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More shelter beds being provided to protect the homeless from COVID-19

The plan will also address capacity in temporary accommodations ahead of winter
homeless
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Three community organizations are working together in order to continue protecting the homeless population from COVID-19 as well as increasing capacity in temporary accommodations with the colder months ahead. 

YWCA KW will be operating out of St. Mark's Lutheran Church in Kitchener, while the Working Centre will operate out of the Waterloo Cooperative Residence's Hammar Building in Waterloo. 

The third location has been identified but details will not be released until agreements are signed. 

Elizabeth Clarke is the CEO of the YW and she tells 570 NEWS that up to 60 new beds will be offered for men by the YW. 

"There's a lot going on," said Clarke, "our project is one of three new shelter projects that will get up and running in the next couple of weeks (...) the YW is reopening the temporary shelter that we have operated over the last few winters and our project will be for up to 60. We think it won't require that many but we have the capacity to go that high." 

Clarke adds it's for single men who specifically have had difficulty accessing the other shelters. 

Our region has been grappling with capacity issues in the region's shelter system since about 2017. 

"Long before COVID-19, we realized that we needed to expand the ability to serve people," said Clarke, "COVID created new pressures because all of a sudden the way the shelters have been operating didn't work any more and a lot of that had to do with things like physical distancing and the fact that most of the shelters closed down during the day."

Clarke adds that since the pandemic began, the region had to move people into motels in order to bring the numbers down in the individual shelters so that people can have the space that they need to practice distancing and help keep them safe.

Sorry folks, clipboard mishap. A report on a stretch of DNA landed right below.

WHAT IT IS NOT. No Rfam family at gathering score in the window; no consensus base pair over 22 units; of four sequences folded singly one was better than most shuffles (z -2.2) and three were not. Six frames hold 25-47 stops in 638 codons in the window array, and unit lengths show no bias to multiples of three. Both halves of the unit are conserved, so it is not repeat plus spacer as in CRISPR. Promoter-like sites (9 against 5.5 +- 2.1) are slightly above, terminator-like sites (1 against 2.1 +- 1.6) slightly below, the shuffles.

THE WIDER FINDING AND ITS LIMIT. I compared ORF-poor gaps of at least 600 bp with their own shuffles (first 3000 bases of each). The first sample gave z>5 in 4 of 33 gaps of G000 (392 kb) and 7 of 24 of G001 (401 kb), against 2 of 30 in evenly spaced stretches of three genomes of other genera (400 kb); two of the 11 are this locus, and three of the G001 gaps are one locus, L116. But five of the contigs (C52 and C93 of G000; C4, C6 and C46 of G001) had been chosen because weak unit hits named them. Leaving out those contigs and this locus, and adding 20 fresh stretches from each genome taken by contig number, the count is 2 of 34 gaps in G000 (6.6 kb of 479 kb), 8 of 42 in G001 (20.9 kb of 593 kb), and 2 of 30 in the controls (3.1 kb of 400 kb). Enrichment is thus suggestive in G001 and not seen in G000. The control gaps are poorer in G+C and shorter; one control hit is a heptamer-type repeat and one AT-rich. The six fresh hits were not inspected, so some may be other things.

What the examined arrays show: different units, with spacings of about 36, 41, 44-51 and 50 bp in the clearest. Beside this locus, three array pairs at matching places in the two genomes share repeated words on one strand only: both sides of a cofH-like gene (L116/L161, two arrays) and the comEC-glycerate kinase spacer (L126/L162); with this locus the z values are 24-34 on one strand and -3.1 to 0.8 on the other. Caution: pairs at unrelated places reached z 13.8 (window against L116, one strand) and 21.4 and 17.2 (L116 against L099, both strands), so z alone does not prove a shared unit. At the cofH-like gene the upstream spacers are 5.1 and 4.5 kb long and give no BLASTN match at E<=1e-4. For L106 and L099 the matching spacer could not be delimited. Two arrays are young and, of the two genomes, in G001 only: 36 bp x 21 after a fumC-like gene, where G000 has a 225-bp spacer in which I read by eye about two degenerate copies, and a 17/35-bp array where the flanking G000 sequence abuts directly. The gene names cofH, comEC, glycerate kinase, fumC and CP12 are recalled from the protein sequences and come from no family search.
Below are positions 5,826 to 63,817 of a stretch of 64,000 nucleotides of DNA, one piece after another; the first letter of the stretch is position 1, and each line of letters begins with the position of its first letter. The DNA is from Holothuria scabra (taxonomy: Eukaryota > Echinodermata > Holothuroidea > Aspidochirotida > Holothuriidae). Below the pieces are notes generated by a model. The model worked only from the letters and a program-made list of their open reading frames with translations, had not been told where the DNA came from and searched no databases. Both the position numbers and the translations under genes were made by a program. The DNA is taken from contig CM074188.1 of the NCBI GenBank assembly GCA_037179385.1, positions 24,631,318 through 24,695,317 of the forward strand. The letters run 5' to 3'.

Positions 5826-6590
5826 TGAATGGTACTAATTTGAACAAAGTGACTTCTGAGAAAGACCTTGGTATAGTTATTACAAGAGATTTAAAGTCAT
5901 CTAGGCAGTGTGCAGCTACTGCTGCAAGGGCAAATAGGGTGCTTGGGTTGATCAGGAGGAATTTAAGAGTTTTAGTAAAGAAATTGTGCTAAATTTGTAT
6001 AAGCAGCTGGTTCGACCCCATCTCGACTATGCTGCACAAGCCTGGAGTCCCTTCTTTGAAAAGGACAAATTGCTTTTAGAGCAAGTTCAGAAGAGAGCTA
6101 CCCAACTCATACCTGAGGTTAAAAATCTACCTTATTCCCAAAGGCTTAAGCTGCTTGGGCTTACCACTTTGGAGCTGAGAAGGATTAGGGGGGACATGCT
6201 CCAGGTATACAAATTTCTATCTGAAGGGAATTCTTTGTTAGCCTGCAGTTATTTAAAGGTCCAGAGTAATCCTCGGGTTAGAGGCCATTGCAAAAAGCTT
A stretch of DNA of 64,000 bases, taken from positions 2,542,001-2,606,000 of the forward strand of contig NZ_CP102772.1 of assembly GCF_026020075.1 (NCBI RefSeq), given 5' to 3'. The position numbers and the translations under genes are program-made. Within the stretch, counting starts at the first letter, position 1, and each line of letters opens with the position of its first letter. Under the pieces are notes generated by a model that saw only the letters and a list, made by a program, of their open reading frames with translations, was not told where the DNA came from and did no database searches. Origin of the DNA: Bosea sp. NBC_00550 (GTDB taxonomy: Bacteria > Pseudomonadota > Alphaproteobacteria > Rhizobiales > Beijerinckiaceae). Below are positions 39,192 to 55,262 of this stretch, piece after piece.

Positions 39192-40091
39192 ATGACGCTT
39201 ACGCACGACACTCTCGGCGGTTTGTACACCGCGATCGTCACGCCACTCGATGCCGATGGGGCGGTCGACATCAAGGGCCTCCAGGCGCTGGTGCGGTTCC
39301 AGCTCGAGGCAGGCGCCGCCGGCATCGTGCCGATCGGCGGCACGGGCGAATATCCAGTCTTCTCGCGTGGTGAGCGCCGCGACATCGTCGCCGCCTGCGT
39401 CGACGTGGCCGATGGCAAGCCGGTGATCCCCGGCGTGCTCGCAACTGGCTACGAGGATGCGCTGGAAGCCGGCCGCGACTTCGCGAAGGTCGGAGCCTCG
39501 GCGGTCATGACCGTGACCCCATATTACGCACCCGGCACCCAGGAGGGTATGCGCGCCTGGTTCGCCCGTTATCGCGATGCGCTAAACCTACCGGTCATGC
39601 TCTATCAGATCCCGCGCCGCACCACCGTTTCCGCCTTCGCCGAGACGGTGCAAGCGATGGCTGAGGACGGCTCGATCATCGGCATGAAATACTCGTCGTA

"One other thing that's really happened - that our attention has been drawn to - is that over the last year, there are people who don't use the shelter system or are unsheltered," said Clarke, "with all of the closures that we had in the spring and early summer, these folks were really the ones that struggled the hardest because there really were no supports available to them and nowhere for them to go."

The region is trying to expand the services to people who can't use shelter or simply choose to not use shelter so there is something there for them.

The House of Friendship already provides 120 units which is 70 more beds than last year and there will be an overflow shelter available as well. 

Joe Mancini from the Working Centre tells 570 NEWS that the additional supports that the organization is offering will include service for both men and women. 

"The fact is, there is a significant portion of women who are homeless," said Mancini, "that number - even if it has been 20 or 30 per cent of the overall homeless group, it's still a significant number."

Mancini said that there are couples within the homeless community who typically like to be sheltered together. 

"This reality means that they are separated through the shelter system," said Mancini, "it's just important to provide alternatives to them that way."

The Working Centre will take on 80 units of housing in a former student residence and it will help people actually have a place to live. 

"What we are getting is over 150 more shelter type beds than were available last year at this time." said Mancini. 

The three locations will be fully-staffed that will allow for physical distancing and will provide people with food, harm reduction supplies, and supports to find permanent housing. The three locations are scheduled to open in two to four weeks. 

Plans are also being made in Cambridge to add more shelter beds in that city over the coming months.

150 people have been moved from shelters into permanent housing since the COVID-19 pandemic began and there has only been one positive case of COVID-19 among that population. 
 




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